1953: The Jerusalem Post reported that the Soviet Union told the world that nine leading doctors five of them Jewish had "confessed" to the murder of Andrei Zhdanov, the secretary of the Central Committee of the Communist Party, and Alexander Shcherbakov, the secretary of the Moscow Committee, and possibly other Soviet leaders. One of the accused was the chief medical officer at the Kremlin. This announcement was understood as the so-called "Doctors' Plot," a crude attack on Soviet Jewry by Stalin. Fears were expressed that such "revelations" would lead to an anti-Jewish purge and hysteria, and a possible forced "resettlement" of Soviet Jews in outlying areas. While Izvestia had already demanded "a special status for Jews," the free world and Jewish press described the charges as false, "fantastic" and completely unsubstantiated.
1954: Marilyn Monroe married Joe DiMaggio. Ms. Monroe would later convert to Judaism and marry playwright Arthur Miller.
1960: Birthdate of Eric Alterman, the creator of the political weblog “Altercation”
1961: Ella Fitzgerald completed the recording of the “Harold Arlen Songbook” today which included sounds Broadway classics as “That Old Black Magic,” “It’s Only a Paper Moon” and “Over the Rainbow” which is popularly known as “Somewhere Over the Rainbow.”
1964(29th of Tevet, 5724): Seventy-two year old Barney Sedran, the “Mighty Mite” who played for CCNY from 1909 to 1911 and then played for a series of pro teams into the 1920’s passed away today.
1967: At the Alvin Theatre, after 127 performances, the curtain came on the Broadway revival of “Dinner at Eight” written by George S. Kaufman and Edna Ferber.
1971: Operation Bardas 20 took place today, to neutralize a guerrilla base in Lebanon, near Sidon, where about two dozen terrorists were training as frogmen. During the course of the raid, the commandos discovered a house with several women in it, and decided not to blow it up
1973: “Mossad found out today about the plan to assassinate Golda Meir, when a sayan, or local volunteer, informed Mossad that he had handled two telephone calls from a payphone in an apartment block where PLO members sometimes stayed.”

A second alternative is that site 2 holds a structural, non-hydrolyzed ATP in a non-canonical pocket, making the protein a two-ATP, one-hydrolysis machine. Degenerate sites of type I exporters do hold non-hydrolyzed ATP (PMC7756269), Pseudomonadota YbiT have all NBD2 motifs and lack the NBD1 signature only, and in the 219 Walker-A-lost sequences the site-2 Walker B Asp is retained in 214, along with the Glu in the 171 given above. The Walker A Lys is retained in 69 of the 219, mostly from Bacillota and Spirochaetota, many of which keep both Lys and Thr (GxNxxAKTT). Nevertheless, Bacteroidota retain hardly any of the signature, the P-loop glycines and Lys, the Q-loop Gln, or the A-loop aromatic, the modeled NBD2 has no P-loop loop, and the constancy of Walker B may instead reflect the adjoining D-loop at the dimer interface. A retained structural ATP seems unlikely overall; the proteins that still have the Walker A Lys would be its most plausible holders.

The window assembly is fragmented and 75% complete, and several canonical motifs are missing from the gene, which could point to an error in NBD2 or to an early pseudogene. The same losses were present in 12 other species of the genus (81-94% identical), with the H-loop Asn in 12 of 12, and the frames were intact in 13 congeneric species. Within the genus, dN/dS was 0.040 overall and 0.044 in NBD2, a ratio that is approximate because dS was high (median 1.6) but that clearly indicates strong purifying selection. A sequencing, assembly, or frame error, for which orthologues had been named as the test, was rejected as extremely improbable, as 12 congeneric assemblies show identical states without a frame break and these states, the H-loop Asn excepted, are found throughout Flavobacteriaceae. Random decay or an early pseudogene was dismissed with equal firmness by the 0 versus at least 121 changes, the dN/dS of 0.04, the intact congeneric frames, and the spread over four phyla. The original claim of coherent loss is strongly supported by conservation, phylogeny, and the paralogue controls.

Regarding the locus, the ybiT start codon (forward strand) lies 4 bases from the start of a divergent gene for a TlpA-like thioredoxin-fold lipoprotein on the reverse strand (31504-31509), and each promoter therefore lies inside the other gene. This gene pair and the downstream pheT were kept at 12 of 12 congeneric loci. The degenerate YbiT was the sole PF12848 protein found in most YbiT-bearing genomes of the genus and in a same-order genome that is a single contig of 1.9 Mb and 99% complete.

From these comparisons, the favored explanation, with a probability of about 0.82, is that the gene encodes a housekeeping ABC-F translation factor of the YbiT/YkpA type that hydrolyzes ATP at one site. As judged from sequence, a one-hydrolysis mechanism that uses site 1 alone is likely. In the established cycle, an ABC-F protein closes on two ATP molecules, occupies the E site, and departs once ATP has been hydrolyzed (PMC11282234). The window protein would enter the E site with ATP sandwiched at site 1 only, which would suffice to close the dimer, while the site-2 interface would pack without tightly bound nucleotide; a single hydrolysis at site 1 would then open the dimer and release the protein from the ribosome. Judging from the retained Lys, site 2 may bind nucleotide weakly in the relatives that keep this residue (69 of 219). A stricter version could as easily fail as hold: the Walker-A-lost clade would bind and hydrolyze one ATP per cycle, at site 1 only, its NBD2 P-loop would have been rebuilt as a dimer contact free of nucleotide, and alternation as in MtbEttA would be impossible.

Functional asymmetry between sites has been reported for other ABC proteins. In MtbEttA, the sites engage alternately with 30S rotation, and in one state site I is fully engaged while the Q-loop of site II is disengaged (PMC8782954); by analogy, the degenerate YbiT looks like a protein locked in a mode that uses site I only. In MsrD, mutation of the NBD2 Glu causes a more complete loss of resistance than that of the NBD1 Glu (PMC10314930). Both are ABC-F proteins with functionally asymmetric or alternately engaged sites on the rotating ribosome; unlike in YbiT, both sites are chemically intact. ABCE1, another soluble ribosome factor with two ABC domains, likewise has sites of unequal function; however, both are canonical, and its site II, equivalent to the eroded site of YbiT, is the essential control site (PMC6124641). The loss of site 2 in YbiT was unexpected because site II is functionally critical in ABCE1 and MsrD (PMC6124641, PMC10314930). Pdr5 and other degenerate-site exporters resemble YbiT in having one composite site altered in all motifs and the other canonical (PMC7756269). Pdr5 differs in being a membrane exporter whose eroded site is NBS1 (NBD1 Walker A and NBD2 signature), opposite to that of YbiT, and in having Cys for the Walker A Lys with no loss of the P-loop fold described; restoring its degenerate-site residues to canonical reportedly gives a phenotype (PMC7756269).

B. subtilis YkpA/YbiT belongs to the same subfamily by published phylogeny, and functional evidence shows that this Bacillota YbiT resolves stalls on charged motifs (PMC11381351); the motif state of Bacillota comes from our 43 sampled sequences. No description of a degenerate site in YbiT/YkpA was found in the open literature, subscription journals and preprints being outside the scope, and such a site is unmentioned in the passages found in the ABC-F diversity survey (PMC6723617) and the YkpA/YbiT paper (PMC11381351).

1973: After 14 performances at the Felt Forum, the curtain came down on “The Grand Music Hall of Israel” a revue in two acts starring Shoshana Damari.
1975: The Soviet Union repudiates 1972 trade agreement with the U.S. in response to passage of the Jackson-Vanik Amendment.
1978(6th of Shevat, 5738): British athlete Harold Abrahams passed away. Born in 1899, Abrahams gained prominence as an Olympic runner during the 1920 and 1924 games. He gained a wide measure of fame when his youthful accomplishments were featured in the film “Chariots of Fire.”
1981: “Scanners,” is a science-fiction horror film written and directed by David Cronenberg was released today in the United States.
1984(10th of Shevat, 5744): Paul Ben Haim, prominent Israeli composer, passed away at the age of 86. http://www.milkenarchive.org/people/view/all/591/Ben-Haim,+Paul
1985(21st of Tevet, 5745): Ninety-three year old Dutch born American silent era film actress Jetta Goudal passed away today.
1986: S. Simcha Goldman v. Weinberger, Secretary of Defense, et al in which a Jewish Air Force officer sought to have the right to wear a yarmulke when in uniform was argued before the U.S. Supreme Courtn
1987: Israeli warplanes attacked Palestinian targets near the Syrian border today in the fourth raid on Lebanon in 10 days. The raid came hours after an attack by Lebanese guerrillas on a position manned by the Israeli-backed South Lebanon Army militia east of Sidon in which three people were reported killed and 10 wounded. ''Air force planes attacked buildings used as command posts for a Palestinian terrorist group and tents,'' a spokesman for the Tel Aviv command said. ''All planes returned safely to base.'' The raid today was only the second in eastern Lebanon since October 1985. A month after that attack Israeli planes shot down two Syrian warplanes and Syria retaliated by deploying surface-to-air missiles along its border with Lebanon.
1988: Today an Israeli builder who is directly affected by the loss of his Arab workers sat in a trailer on a nearly abandoned construction site, grumbling about the workers from Gaza who did not show up for work for the 10th day in a row. ''I guess they couldn't get out of the Gaza Strip,'' he said.
1990: At the Lincoln Center theatre, the curtain is scheduled to come down on the Broadway revival of Paddy Chayefsky’s “The Tenth Man”